8. The poor quality of BCAs does the cause of CAMRA no good. BCAs should be the Trojan Horse whereby decent beer is promoted in clubs, restaurants, cinema bars etc. etc. CAMRA isn't really interested though other than to provide photo opportunities in their BEER magazine. Co-incidentally, I drank a Fuller's 1845 BCA last night. That is a quality beer by any standards.

  9. I tend to avoid BCA's for the same reasons as you, Curmudgeon. ie they are too much of a lottery.

    I was given a number of bottles from Cotleigh Brewery for Christmas, two of which were bottle-conditioned. I have only drunk one of these BCA's so far, and needless to say, despite chilling for an hour or so before opening, it was way too lively, and I ended up with a glass full of foam. This was in spite of slow and careful pouring on my part. Because I had to pour the beer in several stages, I inevitably ended up with a cloudy glass, and was not best amused.

    The process adds nothing to the beer, and if anything takes something away, so I cannot understand why CAMRA persists with promoting this sort of beer. It even publishes a regularly updated book about them!

  10. I think we've sussed out why the first pasteurised and filtered beers happened to be of the bottled variety. It's only in the last couple of years that I've even considered drinking bottled beer more than once a year, or less. Bottled beers like Oakham Citra (OK, I like grapefruit) or Tyneside Blonde lend themselves to the brutality and flavour-killing processes used to package them, although in fairness the processes used these days are more sympathetic. Brew your beer specifically to bottle and/or keg, and you're on a winner.

  11. I think this offers an explanation for your misfortune.

    You, Clarkey & Dickie are what's known as 3 sigma events. You being at the opposite end of the standard deviation curve to Clarkey & Dickie.

    This results in almost consistent bad BCA expertience whilst Dickie & Clarkey experience almost consistent good BCA's.

    To experience the opposite end of the curve you need to invite yourself round Clarkey or Dickies gaff and get pissed up on their grog all night. Either that or just drink cans of Bombadier.

    Most of the rest of us are 1 or 2 sigma events.

  12. To be honest as long as it still tastes alright I'm really not that bothered by slightly variable conditioning. Just pour it more carefully, it only takes a minute.

  13. Amazingly I've recent had some excellent bottle conditioned beers, including some from the antipodes this year, but I would also say that it equates for around 70% of the beer that I like least. This is either through almost exploding when removing the cap, to producing a cloudy, flat unappealing colour. Rarely are they "off", but still the beer has to be appetising to your eyes, nose mouth and gentle on the arse.

    As already pointed out, it's often difficult to poor and totally unpredictable as to what you will end up with, regardless of whether you know how to maintain, pour or which train to obtain it.

    Interestingly enough I have had very few problems with mini casks (5 litres) which are, as far as I can tell (correct me if I'm wrong), cask conditioned. Often the quality that these produce is superior to that from some of the larger pub chains in my area. The only problem is that you have to drink a large amount of one particular beer which is against my ethos. Yes I'm a beer whore, but I do like trying something different in every glass.

    No being Bottle Conditioned does not actively puts me off buying it, but I am more wary. Out of curiosity, does anyone actually collect the scoring of bottles of RAIB to actually research the quality of the CAMRA promoted product?

  14. This is not particularly relevant, but I feel the urge to share; this evening me and the mrs had an evening in and I took the chance to try some beers from the local shop. I can't tell you if they were bottle conditioned or not but I have to say that Wild Beer Co Sourdough, Kernel Montueka, Fullers Vintage 2012 and Thornbridge St Boudica Smoked Porter were really an outstanding advert for english beer.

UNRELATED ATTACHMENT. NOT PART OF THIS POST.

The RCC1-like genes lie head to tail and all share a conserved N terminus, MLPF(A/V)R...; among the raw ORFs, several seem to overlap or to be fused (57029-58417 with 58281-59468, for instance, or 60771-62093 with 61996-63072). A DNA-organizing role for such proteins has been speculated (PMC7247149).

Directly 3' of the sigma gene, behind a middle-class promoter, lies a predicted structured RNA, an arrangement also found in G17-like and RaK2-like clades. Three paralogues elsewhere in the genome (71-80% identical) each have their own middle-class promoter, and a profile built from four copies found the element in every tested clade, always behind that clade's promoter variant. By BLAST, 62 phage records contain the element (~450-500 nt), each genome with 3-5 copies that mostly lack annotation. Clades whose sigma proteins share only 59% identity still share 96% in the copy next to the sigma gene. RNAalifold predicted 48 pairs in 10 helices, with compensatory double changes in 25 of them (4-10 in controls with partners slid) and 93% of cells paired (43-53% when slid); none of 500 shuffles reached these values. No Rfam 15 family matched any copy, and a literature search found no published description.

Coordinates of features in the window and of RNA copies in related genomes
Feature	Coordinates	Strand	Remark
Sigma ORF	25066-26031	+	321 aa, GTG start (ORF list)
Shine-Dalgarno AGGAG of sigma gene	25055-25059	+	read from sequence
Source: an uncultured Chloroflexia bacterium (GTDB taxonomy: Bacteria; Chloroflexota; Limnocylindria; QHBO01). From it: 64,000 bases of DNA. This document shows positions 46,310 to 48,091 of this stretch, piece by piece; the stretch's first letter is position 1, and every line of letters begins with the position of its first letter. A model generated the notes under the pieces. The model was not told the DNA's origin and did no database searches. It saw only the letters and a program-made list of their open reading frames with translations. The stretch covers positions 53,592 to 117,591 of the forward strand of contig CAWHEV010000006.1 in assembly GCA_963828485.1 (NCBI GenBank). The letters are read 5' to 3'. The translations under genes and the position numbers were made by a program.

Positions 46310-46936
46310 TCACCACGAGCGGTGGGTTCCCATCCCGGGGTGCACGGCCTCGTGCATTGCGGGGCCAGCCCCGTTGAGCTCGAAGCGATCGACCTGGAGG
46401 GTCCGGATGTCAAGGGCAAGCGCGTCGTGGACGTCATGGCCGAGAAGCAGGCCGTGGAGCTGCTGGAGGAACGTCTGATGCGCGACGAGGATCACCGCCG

Don't tell TM, but none of them would have passed the CAMRA clarity perogative either.

  15. Umm, the fact that they were cloudy would suggest they were bottle-conditioned. You are supposed to let the yeast settle before pouring them, you know. Personally, from your description, every one would have gone straight down the sink - and I do appreciate a good beer that actually has undergone a secondary fermentation in the bottle.

  16. My father and uncles drank Bass Red Triangle at home in the Forties. Another relative had a grocery business where it was bottled.. There was quite a ritual about calling there to sample the new batch before placing the order. I was sometimes taken along and given a glass of Spartona - an iron brew drink from a local soft drinks firm. I can still remember the combined smell of beer and groceries in the cellar.

    The owner of the shop had some bottles of " Prince's Ale", brewed by the Prince of Wales ( briefly Edward VIII).
    They had lead seals which, if carefully opened , could be replaced. They were regularly refilled with Bass Red Triangle and offered to favoured friends now and then. He winked and said they were very appreciative-
    Even more so than when the original bottles were first opened!

  17. You mean I'm not meant to shake them before opening?

  18. BTW - Mudgie, have you seen the handful of posts on said Yahoo group re: American beers that might not be classed as real ale but are jolly nice. I despair ;-)

  19. > "Personally, from your description, every one would have gone straight down the sink"

    From someone who usually writes with so much common sense on the subject of beer, I find this puzzling.

    Am I missing some sort of irony here, or would you genuinely pour away a Kernel IPA because you think it looks "cloudy"?

  20. I probably wouldn't choose something that I knew to be cloudy anyway. But yes, if I poured out a bottle of a British-brewed pale ale and it looked like soup (as opposed to having a slight haze), then I wouldn't drink it.

  21. I'm sure I read somewhere that a UK brewer (Redchurch maybe) at a CAMRA beer festival was told they were not allowed to sell their non BC beers when the organisers realised they were not sedimented. As all their beers are 'brewery conditioned' they then had to withdraw from the festival.

    Meanwhile the same type of beer was being sold in the 'foreign beers' area.

    So its ok to sell it if its made by a foreigner, and its ok to organise CAMRA trips abroad to buy it from foreigners for a week but if you brew it in the UK you are a non-person.

    Sounds unhinged to me.